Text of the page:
Worked as a teller once upon a time. Coworker had very difficult skin and struggled with keeping her face clear, no matter what she used. When she was in a big breakout, she really just had to not use makeup so it would clear up and heal. Boss told her that she had to wear makeup then. I mean she had to put layers and layers to cover it up, and it would just make it worse. I think she had to end up taking it to HR but it was humiliating for her to have the struggle, much less be called out on it like that.
I used to be a cashier at a cafe where a manager once said to me that I should start wearing makeup to work. I told him I had all the supplies in my purse, and that I would be happy to apply a full face of makeup in the break room right that moment if he was willing to pay me while I did it. He declined my offer and never made another comment about my appearance.
"Being on-screen helps with the ability to control lighting and use filters. A silly photo or one that looks unposed and spontaneous adds a sense of charming realness and briefly interrupts the highly curated images to help make them relatable," she said that there are ways to make the photos that we upload to social media seem more natural and, possibly, more relatable for our friends, fans, and followers.
I work as a hostess and usually put on a decent amount of makeup due to my own insecurities. One shift I knew wasn't going to be busy since it was a wednesday lunch shift, I decided hell i'm too tired to care and only put on concealer and mascara. I showed up to work with people asking me if I was okay, I looked ill. When I said know I just put on less makeup, my manager SENT ME HOME to DO MY MAKEUP APROPRIATELY. i was so mad yall
I showed up with the darkest, strongest makeup out of spite.
They liked it...
Worked at a former place that required makeup, so the women at work submitted an expense report for Mac, one of the most expensive makeup companies out there. The employee manual was revised shortly thereafter as "must appear clean and managed: facial hair trimmed, skin kept clean and healthy."
I had a boss once who I think was telling me I should wear makeup, he kept saying I should look at the other women in the office and see what they wore when I asked what he meant by ' looking more professional'. I was the only woman on my team, and generally more dressed up than the men on it. And I can't wear makeup and do my job. If I'm wearing it that's all I think about. I hate having anything on my face, even water.
I work in an field that is predominately dudes. I’d abide by the dress code, which really just asked us to wear logo’d shirts. I had one admin ask me once to start tucking in my shirt. I told him that the day he gets this other coworker to tuck in his shirt, so would I. That dude is a 6ft.+ former football player that all around had a tough guy vibe—or at least would’ve been very vocal. Never heard about it again.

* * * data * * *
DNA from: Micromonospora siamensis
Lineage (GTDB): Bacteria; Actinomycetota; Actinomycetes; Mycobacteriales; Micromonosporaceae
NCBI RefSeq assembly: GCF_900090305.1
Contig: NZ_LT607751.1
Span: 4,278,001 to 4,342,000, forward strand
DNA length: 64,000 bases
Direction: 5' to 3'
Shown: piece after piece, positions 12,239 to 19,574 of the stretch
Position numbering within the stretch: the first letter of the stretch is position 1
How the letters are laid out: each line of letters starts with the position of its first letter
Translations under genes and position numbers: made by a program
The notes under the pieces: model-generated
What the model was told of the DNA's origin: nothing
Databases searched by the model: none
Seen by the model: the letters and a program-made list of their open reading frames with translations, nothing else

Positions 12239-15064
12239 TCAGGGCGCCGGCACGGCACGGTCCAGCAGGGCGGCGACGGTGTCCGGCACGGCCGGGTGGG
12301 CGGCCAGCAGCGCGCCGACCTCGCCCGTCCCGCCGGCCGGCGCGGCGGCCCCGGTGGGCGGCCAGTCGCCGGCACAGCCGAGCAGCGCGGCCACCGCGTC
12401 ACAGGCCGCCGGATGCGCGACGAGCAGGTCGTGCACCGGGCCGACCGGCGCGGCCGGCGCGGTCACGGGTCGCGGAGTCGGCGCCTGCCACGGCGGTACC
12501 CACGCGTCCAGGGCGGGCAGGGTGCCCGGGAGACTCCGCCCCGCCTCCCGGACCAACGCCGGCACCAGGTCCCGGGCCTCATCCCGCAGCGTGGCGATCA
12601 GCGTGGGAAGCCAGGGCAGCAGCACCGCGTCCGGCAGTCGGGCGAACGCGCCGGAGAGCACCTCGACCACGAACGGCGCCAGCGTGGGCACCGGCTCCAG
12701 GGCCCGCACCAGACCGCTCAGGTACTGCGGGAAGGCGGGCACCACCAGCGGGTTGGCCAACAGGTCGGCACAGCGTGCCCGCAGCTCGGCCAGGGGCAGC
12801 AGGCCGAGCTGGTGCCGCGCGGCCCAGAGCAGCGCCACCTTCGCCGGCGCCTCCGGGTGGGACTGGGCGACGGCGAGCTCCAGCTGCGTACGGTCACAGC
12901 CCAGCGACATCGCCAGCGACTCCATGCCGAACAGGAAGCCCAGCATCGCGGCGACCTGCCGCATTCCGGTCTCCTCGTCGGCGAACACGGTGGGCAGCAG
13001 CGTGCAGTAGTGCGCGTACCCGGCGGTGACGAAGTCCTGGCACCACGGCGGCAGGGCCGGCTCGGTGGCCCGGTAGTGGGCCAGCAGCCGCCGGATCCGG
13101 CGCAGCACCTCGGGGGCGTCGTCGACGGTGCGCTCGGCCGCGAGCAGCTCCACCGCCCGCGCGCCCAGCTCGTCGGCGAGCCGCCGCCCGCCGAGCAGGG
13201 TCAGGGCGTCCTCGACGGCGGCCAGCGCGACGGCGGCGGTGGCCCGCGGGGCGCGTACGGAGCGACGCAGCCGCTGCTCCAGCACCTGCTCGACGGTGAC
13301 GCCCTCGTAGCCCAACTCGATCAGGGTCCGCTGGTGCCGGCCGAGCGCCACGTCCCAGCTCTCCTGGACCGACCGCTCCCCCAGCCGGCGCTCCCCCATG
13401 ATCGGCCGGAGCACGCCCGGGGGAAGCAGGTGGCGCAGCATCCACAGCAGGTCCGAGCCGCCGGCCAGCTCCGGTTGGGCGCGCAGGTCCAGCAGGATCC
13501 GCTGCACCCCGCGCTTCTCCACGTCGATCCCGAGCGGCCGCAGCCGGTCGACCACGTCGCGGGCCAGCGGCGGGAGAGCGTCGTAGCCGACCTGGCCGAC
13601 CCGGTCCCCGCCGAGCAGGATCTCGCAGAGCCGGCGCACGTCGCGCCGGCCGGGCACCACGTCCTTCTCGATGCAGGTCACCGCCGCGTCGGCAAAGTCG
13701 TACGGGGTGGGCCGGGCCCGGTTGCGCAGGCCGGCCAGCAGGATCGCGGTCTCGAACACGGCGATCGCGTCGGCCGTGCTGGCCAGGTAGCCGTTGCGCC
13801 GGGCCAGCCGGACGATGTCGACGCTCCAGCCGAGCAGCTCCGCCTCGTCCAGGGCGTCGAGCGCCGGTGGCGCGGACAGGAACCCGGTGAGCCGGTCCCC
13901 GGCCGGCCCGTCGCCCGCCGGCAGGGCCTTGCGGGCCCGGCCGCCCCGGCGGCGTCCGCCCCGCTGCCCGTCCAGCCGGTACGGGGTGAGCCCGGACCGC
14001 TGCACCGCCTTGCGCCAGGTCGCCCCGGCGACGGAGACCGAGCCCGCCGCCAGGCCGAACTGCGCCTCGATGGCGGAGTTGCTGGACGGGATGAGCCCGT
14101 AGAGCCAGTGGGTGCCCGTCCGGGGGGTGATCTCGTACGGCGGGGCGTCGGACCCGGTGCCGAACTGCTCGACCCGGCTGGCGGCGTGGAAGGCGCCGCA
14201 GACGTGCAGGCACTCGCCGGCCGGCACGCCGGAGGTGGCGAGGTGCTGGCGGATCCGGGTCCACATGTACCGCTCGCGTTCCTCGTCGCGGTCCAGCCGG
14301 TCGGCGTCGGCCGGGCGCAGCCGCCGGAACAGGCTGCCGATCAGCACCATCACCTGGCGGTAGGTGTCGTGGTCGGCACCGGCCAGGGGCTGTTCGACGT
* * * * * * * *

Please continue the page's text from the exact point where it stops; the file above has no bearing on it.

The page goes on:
A few short years later, another manager, this one my direct boss, said that people would take me more professionally if I wore makeup to work. I’m the only woman in my occupation at that time, at that place. I don’t wear it because I just don’t want to. The few times I have during the pandemic, I’ve managed to get it in my eyes and cloud up my contacts and yeah. So, nope. I told that boss that he didn’t make that request of literally any of my other colleagues in my field (makeup is needed for a different department, based on what they specifically do, for both men and women) and that if they don’t need it to be considered professional, neither do I.
My friend was the principal at a catholic elementary school, and whoever the [hell] her boss was told her the same thing. She was crushing it on her performance review, doing amazing things with the school, winning awards and [stuff], and then they tried to tell her she needed to wear makeup so she would look professional. That was their one criticism of her and her work. My friend hates makeup; she's never worn it. Plus her skin is really sensitive, so I suspect she'd have a problem doing so. She's also naturally very pretty. Like beautiful. She doesn't need it. But somehow being beautiful and really, really good at her job wasn't enough. Couldn't she make herself just a scosh hotter? Then maybe she could finally be taken seriously, I guess.
She basically told them, "Yeah, I'm not doing that."
I left a certain coffee company (for a multitude of reasons) but one was that my long due, hard earned promotion was “delayed” because I, too, didn’t dress “professionally.” Sorry I’m not waking up at 3 am so I can put mascara on and get covered in sticky syrup for 8 hours on basically minimum wage.
Now I’m in a much better paying office job that doesn’t really care what I do, as long as I DRESS professionally. And that’s what I do. :)
I had a boss say something about it would be better if I had make up on. I was just like no it wouldn’t and laughed. It just dawned on me now 20 years later he was probably serious! Still laughing.